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Thread: RIP Tony Cozier

  1. #1
    U19 Vice-Captain Grumpy's Avatar
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    None of your bloody business

    RIP Tony Cozier

    It's been all over Twitter. Genuinely gutted to hear about this


    Hard to imagine Greig, Benaud, Jenkins and now Cozier have all passed away. They were the voice of cricket for me. Really sad.
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  2. #2
    Cricket Web: All-Time Legend flibbertyjibber's Avatar
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    Mrs Miggins pie shop

    Sad news.

  3. #3
    Hall of Fame Member superkingdave's Avatar
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    RIP - Always loved his voice

  4. #4
    International 12th Man Kirkut's Avatar
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    Had the most unique accent of all cricket commentators I've heard.

  5. #5
    vcs is offline
    Cricket Web: All-Time Legend vcs's Avatar
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    Sad news. Always associated West Indies Test cricket and their '90s stars (Ambrose, Lara, Chanderpaul etc.) with him.
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    Quote Originally Posted by benchmark00 View Post
    Chix love a man with a checkered posting history.

  6. #6
    The Tiger King smalishah84's Avatar
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    was a great voice in cricket rip
    And smalishah's avatar is the most classy one by far Jan certainly echoes the sentiments of CW

    Yeah we don't crap in the first world; most of us would actually have no idea what that was emanating from Ajmal's backside. Why isn't it roses and rainbows like what happens here? PEWS's retort to Ganeshran on Daemon's picture depicting Ajmal's excreta

  7. #7
    International Coach StephenZA's Avatar
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    Always enjoyed his commentary. My condolences to his family. RIP
    "The presence of those seeking the truth is infinitely to be preferred to the presence of those who think they’ve found it."

    "I have neither the time nor crayons to explain it to you...."

  8. #8
    International Coach weldone's Avatar
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    really sad news...Richie Benaud, Tony Greig, Tony Cozier have been signed in quick succession to grace the commentary team in heaven

    "Cricket is an art. Like all arts it has a technical foundation. To enjoy it does not require technical knowledge, but analysis that is not technically based is mere impressionism."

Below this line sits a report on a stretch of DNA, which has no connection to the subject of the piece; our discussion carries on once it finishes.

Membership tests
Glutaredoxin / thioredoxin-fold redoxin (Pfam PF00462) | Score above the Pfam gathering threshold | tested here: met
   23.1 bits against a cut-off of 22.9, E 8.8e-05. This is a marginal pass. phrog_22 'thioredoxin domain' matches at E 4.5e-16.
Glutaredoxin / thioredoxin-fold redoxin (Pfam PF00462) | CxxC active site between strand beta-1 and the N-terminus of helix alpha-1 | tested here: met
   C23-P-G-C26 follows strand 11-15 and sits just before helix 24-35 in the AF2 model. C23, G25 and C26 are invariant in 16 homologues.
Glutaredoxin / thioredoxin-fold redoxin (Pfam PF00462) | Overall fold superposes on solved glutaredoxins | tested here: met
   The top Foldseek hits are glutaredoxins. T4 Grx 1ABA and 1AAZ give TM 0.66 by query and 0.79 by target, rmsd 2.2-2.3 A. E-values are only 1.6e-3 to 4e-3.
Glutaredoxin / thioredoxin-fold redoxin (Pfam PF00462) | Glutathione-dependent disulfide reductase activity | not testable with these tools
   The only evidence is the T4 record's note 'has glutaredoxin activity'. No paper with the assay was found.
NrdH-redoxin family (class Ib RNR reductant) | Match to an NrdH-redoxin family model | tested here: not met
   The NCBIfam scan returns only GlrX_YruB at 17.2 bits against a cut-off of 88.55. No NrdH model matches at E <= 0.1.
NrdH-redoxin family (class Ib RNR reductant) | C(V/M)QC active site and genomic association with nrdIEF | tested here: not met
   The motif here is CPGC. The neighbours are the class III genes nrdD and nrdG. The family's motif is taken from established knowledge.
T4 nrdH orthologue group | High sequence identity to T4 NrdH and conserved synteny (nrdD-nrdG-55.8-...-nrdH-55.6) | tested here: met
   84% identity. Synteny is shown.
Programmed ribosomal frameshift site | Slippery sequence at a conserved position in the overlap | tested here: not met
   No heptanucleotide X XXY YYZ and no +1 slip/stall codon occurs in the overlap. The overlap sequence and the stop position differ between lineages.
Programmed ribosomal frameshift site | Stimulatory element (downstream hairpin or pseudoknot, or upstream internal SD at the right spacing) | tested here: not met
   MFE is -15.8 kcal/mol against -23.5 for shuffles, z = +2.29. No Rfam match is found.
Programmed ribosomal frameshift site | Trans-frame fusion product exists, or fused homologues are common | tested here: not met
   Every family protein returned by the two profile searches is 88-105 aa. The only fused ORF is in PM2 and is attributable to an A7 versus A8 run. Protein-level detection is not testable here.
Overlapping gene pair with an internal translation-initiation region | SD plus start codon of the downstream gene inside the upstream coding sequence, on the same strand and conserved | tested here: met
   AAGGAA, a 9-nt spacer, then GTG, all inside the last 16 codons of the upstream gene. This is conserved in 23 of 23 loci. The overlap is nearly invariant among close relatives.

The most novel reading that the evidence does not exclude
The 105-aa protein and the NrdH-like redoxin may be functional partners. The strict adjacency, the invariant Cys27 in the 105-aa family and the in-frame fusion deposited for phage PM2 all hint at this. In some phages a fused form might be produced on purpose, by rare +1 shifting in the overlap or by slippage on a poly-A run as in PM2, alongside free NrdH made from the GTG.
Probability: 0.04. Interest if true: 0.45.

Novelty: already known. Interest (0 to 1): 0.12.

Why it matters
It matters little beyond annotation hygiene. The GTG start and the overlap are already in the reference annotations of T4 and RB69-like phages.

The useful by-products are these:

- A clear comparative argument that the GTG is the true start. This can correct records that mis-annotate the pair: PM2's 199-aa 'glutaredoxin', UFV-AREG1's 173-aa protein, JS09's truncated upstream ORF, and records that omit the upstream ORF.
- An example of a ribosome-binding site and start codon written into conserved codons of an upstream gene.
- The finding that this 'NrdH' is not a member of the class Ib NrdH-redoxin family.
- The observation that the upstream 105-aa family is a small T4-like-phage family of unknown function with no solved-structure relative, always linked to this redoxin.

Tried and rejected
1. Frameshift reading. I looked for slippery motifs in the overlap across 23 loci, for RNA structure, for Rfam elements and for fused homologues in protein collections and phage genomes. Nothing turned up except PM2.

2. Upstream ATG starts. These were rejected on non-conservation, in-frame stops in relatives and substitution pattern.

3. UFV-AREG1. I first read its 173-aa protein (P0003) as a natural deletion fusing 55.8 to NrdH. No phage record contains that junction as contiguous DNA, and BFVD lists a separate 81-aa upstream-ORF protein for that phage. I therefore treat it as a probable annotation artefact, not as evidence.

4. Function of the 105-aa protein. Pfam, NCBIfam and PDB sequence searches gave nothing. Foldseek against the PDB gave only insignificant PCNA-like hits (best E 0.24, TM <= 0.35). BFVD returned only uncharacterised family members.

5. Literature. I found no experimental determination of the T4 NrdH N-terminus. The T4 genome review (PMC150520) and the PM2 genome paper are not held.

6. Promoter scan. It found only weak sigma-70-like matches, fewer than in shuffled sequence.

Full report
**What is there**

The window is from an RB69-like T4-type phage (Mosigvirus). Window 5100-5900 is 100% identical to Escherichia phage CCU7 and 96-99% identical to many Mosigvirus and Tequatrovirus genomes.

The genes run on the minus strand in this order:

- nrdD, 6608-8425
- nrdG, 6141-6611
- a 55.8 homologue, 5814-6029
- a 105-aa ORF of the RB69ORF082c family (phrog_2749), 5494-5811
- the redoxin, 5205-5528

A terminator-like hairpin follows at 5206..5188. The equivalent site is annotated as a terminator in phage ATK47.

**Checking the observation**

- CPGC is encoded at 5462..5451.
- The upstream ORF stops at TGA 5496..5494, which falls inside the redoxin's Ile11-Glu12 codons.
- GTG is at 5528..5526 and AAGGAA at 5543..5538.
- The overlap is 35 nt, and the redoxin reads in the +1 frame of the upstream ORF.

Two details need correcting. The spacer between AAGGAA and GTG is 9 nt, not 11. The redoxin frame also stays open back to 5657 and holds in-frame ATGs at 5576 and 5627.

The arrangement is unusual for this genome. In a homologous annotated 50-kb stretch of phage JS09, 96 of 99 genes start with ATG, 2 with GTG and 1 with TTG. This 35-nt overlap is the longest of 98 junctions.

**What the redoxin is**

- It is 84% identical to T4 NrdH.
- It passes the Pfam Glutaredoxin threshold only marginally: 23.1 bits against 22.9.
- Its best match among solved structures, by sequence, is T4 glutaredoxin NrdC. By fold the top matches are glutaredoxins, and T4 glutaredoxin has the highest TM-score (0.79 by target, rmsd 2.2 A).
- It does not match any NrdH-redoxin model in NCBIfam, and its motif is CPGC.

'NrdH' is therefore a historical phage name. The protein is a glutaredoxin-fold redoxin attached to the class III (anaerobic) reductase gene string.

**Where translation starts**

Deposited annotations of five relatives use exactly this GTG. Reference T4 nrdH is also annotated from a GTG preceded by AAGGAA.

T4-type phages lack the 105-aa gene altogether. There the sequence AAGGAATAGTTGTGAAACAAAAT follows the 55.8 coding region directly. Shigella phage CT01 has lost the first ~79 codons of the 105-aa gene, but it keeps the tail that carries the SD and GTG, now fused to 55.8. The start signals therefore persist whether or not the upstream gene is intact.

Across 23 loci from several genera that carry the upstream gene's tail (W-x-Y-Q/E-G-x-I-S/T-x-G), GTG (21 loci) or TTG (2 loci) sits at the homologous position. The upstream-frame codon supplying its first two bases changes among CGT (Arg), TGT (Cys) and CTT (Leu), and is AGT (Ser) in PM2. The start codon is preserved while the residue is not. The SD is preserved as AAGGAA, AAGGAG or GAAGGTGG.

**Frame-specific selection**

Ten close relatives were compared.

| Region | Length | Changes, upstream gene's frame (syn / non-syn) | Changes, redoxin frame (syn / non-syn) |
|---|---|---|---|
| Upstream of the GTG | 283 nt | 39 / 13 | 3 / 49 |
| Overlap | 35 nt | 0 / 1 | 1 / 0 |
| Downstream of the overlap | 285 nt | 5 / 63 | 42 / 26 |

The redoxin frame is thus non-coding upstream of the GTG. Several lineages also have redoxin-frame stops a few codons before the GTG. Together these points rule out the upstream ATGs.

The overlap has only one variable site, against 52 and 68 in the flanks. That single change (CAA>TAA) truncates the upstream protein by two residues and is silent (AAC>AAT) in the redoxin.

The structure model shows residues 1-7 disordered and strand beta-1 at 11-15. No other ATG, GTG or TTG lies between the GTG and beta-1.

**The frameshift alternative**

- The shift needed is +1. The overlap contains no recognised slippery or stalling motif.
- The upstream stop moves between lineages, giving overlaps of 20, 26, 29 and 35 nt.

- C.L.R. James

  9. #9
    Request Your Custom Title Now! Zinzan's Avatar
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    Sad indeed. Really was one of the great cricket commentators.

    Tony Cozier: West Indian commentator dies aged 75 - BBC Sport

    Legendary West Indian commentator Tony Cozier has died at the age of 75.

    A familiar and respected voice around the world, the Barbadian will be remembered for a career in TV, radio and journalism spanning 58 years.

    Born in Bridgetown in 1940, he made his BBC Test Match Special debut in 1966 and also wrote several books.

    "Tony was the master of going between TV and radio ball-by-ball commentary. He was the master of both," said BBC cricket correspondent Jonathan Agnew.

    "He's easily the best I've come across in 25 years at being able to do both disciplines."

    The son of a journalist, Cozier studied journalism at Carleton University in Ottawa, Canada, and began commentating and writing on West Indian cricket in 1958.

    He played hockey as a goalkeeper for Barbados and cricket as an opening batsman and wicketkeeper for two Barbados clubs, Wanderers and Carlton.

    But he became a household name through his work with major media organisations throughout the world, including the BBC, Channel Nine and Sky.

    In December 2011, he was awarded honorary life membership of the Marylebone Cricket Club for services to the game, and the press box at the Kensington Oval in Barbados is named after him.

    'The perfect soundtrack to any cricket match'

    Test Match Special commentator Jonathan Agnew:

    "Tony Cozier was one of the finest writers and broadcasters in the game. He started reporting in 1958 and seven years later he hit the airwaves for the first time.

    "Fifty years on, he was still commentating on Test Match Special when England toured the West Indies.

    "Throughout his career Cozier had to tread the tense tightrope of Caribbean politics, where even the slightest negative observation of a player's performance can provoke a furious nationalistic backlash.